I have many dearest wishes, but one of the few actually within the realm of possibility (as opposed to, say, winning an Academy Award) has been to throw a pull-out-all-the-stops dinner party.
A felicitous confluence of events allowed this to happen. First, I had a small nest egg of birthday money set aside. Second, our friends the Hamiltons would be staying with us on that most festive of holidays, New Year's Eve. This was key to the dinner party's success. Because they were already spending the night, we were able to put the kids to bed before we started dinner. Also, we could take our time with each course, since no one had to drive home. We could have a different wine paired with each course, since no one had to drive home. As an added bonus, these Hamiltons are great cooks and willing sous-chefs. It was an ideal set-up.
Of course I agonized over the menu, because that is my way. My way is also a very slow way, so I needed recipes that could be done mostly ahead of time and be finished or reheated just before serving. I would have loved an outrageous chunk of roast beef, but I was afraid of ruining it. I pored over magazines and cookbooks and spent many blurry-eyed hours reading recipes online. And now, without further ado, our New Year's Eve dinner:
While Shaun gave himself a last-minute haircut, we enjoyed duck liver and port mousse with cornichons and grainy mustard. Don't worry, before we dug in we realized that we should remove the layer of gelatin on top. We are very classy.
Also, lest these provisions seem a little spartan for New Year's Eve, I should mention that we spent all afternoon cooking and snacking on some Saint Andre triple cream cheese, marcona almonds, and spicy Calabrese sausage. And sparkling wine, of course.
Andrew approves our plans before the serious eating begins.
served with a white Burgundy
My favorite description of this dish came from Amanda, who described its texture as "pillowy." It was a cream of cauliflower soup (I used half and half instead of the whipping cream it called for) with a seared scallop placed on top of a bit of blanched leeks. I couldn't find the lemon-infused grapeseed oil to drizzle on, so I made some. It was well worth the small extra effort. The garnish is caviar (mine is from Iceland, the only thing I could find) and snipped chives. I plan on making this as a main course in the future, with more scallops and some bread and salad alongside.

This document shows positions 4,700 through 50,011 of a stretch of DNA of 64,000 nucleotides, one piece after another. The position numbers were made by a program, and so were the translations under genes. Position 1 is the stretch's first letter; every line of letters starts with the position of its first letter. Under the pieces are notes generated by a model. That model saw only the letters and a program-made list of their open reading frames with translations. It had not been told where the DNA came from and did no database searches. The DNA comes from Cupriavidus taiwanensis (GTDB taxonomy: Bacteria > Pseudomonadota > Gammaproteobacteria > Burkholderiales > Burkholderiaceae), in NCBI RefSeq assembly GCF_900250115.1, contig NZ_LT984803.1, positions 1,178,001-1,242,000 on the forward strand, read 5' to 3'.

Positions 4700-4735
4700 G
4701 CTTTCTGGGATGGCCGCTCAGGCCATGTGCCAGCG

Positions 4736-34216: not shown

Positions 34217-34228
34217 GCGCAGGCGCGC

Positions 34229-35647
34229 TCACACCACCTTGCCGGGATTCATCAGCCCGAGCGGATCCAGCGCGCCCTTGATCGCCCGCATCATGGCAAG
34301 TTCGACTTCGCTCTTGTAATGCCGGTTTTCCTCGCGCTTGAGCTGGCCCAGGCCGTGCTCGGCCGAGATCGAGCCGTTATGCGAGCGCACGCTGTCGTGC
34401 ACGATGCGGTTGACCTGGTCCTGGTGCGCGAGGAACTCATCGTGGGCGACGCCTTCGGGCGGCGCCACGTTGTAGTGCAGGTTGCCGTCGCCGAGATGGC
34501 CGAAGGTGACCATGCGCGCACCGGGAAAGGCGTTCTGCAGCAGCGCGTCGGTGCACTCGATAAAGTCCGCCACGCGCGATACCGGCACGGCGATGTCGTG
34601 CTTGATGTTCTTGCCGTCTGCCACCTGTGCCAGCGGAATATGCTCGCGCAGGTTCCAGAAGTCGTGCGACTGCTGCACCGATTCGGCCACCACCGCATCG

Main course: Braised Lamb Shanks With Coriander, Fennel, and Star Anise; Citrusy Root Vegetable Puree served with a Chateauneuf-du-Pape
The most exciting thing about this dish was making it: toasting the spices and then grinding them produced a smell that I have never encountered before. Even if something isn't my favorite, I always appreciate the experience of tasting something entirely new to me. The meat didn't turn out as tender as I'd hoped, but it was still very good. Next time I'd put less citrus in the root vegetables, but I thought it was an important element to help cut the richness of the lamb. A nice thing about this dish is that we made it the night before so we could cool it and scoop the fat off. The pot of leftovers has formed yet another dandy layer of fat. Definitely not a low-calorie food.
Probably thanks to my overindulgence earlier in the day, I was feeling a little queasy by the time we got to the lamb. That's when I experienced the magic of the French tradition of the trou normand. A glass of Calvados is taken to create a trou, or hole, for the next course. In this case, the apple brandy is poured over a dish of apple sorbet. I had intended to serve this between the first two courses, but I am so glad that I had forgotten. It worked like MAGIC. I felt like I was starting the entire meal over. Which was a relief, because I was looking foward to our last course most of all.
Here's Amanda dousing her sorbet and Andrew doing his best to power on through as midnight approaches:
Last course: Phyllo-Wrapped Figs With Proscuitto and Stilton
served with ruby port
Oh, how I loved this. For me it was the perfect way to end the meal, like a cheese course and dessert in one. Each bundle contained a bit of Stilton pressed with dried figs and wrapped in a small, thin slice of proscuitto. Following the suggestions of reviewers, I cut down on the amounts of everything inside the bundle. It was still extremely rich. What took it from savory to sweet were the two sauces: reduced cream with pine nuts on the plate and a ruby port-balsamic vinegar reduction drizzled on top, syrupy and delicious. It wasn't everyone's favorite dish, but it was mine.
There is no way I could have pulled off such a fun evening without all the cooking and dishwashing help I got. It was truly a group effort. Here's to the love of God, family, and friends in the new year.